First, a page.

TopSchoolJobs Recruitment Marketplace
GARY BEACH: Does the U.S. Department of Education Need to Be Restructured?
Education Week - November 16, 2016 - A Day After Election, Classes Are Awash in Emotions
Education Week - November 16, 2016 - 2
Education Week - November 16, 2016 - 3
Education Week - November 16, 2016 - News in Brief
Education Week - November 16, 2016 - Report Roundup
Education Week - November 16, 2016 - States Found to Offer 95 Kinds of Diplomas
Education Week - November 16, 2016 - Black Teachers Feel Pigeonholed On the Job, Report Says
Education Week - November 16, 2016 - DIGITAL DIRECTIONS: Eager to Innovate: African-American Teenagers and Technology
Education Week - November 16, 2016 - Positive Climates May Shrink Achievement Gaps
Education Week - November 16, 2016 - 10
Education Week - November 16, 2016 - 11
Education Week - November 16, 2016 - Q&A: ‘You Just Do the Work’
Education Week - November 16, 2016 - 13
Education Week - November 16, 2016 - 14
Education Week - November 16, 2016 - Oklahoma Schools Chief Facing Campaign-Finance Charges
Education Week - November 16, 2016 - Sharp Questions Posed In Service-Dog Case
Education Week - November 16, 2016 - SNAPSHOT: Title IX and Transgender Students: Some Key Developments Over 44 Years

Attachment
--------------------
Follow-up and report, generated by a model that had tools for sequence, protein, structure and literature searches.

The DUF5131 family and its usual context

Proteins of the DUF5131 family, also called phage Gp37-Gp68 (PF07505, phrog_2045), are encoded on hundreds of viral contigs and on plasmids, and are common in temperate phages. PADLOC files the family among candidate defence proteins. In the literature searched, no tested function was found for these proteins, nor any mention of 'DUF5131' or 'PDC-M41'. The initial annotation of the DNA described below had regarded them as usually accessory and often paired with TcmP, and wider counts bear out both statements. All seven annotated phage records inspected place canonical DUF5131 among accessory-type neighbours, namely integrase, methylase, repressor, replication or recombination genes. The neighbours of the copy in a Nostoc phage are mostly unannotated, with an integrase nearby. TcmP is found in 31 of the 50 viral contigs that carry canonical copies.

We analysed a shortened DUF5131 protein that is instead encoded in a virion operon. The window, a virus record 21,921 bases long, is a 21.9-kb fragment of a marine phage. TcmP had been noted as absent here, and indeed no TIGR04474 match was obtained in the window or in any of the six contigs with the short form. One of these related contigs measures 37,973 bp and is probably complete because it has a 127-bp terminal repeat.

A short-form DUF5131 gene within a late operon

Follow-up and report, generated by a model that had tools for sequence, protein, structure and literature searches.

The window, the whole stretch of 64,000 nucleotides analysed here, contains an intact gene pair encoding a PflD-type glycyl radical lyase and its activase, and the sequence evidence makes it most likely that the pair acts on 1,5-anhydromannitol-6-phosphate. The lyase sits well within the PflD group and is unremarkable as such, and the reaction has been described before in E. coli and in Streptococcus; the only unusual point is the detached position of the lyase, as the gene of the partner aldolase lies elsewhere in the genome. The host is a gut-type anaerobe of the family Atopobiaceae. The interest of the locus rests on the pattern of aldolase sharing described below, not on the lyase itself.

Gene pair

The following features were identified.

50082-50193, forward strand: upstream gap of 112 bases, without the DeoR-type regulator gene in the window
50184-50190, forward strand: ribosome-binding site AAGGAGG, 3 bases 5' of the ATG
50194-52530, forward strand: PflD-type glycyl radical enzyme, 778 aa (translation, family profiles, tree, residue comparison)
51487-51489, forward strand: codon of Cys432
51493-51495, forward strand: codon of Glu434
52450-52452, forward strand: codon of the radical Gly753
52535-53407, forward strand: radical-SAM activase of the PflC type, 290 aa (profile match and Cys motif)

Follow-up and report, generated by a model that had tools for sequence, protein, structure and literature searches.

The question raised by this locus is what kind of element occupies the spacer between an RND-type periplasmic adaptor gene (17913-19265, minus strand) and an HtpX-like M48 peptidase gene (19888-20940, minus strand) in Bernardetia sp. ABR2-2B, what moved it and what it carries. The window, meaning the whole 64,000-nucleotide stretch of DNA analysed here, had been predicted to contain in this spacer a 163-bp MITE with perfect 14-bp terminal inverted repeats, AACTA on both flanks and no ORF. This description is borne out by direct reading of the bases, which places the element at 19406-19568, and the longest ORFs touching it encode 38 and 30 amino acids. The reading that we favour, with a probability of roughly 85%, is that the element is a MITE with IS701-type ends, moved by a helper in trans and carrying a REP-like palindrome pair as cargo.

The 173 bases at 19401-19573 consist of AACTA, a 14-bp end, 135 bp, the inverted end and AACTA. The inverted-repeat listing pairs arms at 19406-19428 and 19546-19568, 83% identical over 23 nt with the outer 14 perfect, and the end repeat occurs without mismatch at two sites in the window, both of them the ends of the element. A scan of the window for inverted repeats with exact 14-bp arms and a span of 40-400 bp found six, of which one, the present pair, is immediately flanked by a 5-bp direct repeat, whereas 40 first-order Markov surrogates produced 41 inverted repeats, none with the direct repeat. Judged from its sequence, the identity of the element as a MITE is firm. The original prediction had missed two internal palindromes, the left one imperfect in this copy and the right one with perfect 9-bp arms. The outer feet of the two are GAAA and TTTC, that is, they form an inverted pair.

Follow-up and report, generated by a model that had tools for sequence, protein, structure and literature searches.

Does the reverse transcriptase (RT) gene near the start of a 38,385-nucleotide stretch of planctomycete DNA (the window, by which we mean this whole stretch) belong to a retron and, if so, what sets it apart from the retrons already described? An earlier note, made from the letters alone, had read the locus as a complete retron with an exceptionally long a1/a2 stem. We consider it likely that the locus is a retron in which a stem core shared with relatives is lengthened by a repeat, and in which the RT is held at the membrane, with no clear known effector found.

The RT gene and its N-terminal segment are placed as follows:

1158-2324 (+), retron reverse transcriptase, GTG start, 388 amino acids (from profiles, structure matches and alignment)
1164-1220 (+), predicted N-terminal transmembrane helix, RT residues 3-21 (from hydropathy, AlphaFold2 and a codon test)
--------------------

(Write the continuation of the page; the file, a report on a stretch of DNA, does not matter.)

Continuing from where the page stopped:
Education Week - November 16, 2016 - GOP Solidifies Hold on State-Level Leadership
Education Week - November 16, 2016 - State Ballot Measures
Education Week - November 16, 2016 - Bilingual Education Set to Return to California Schools
Education Week - November 16, 2016 - 21
Education Week - November 16, 2016 - Teachers’ Unions Spend Big, Mostly Fall Short in Elections
Education Week - November 16, 2016 - Senate/House Results
Education Week - November 16, 2016 - SUSAN MOORE JOHNSON: To Decentralize or Not? Is That Even the Question?
Education Week - November 16, 2016 - JIM HAAS: Oh, the Humanity!
Education Week - November 16, 2016 - GREGG WEINLEIN: The School Friendship Challenge
Education Week - November 16, 2016 - Letters
Education Week - November 16, 2016 - TopSchoolJobs Recruitment Marketplace
Education Week - November 16, 2016 - 29
Education Week - November 16, 2016 - 30
Education Week - November 16, 2016 - 31
Education Week - November 16, 2016 - GARY BEACH: Does the U.S. Department of Education Need to Be Restructured?
Education Week - November 16, 2016 - CW1
Education Week - November 16, 2016 - CW2
Education Week - November 16, 2016 - CW3
Education Week - November 16, 2016 - CW4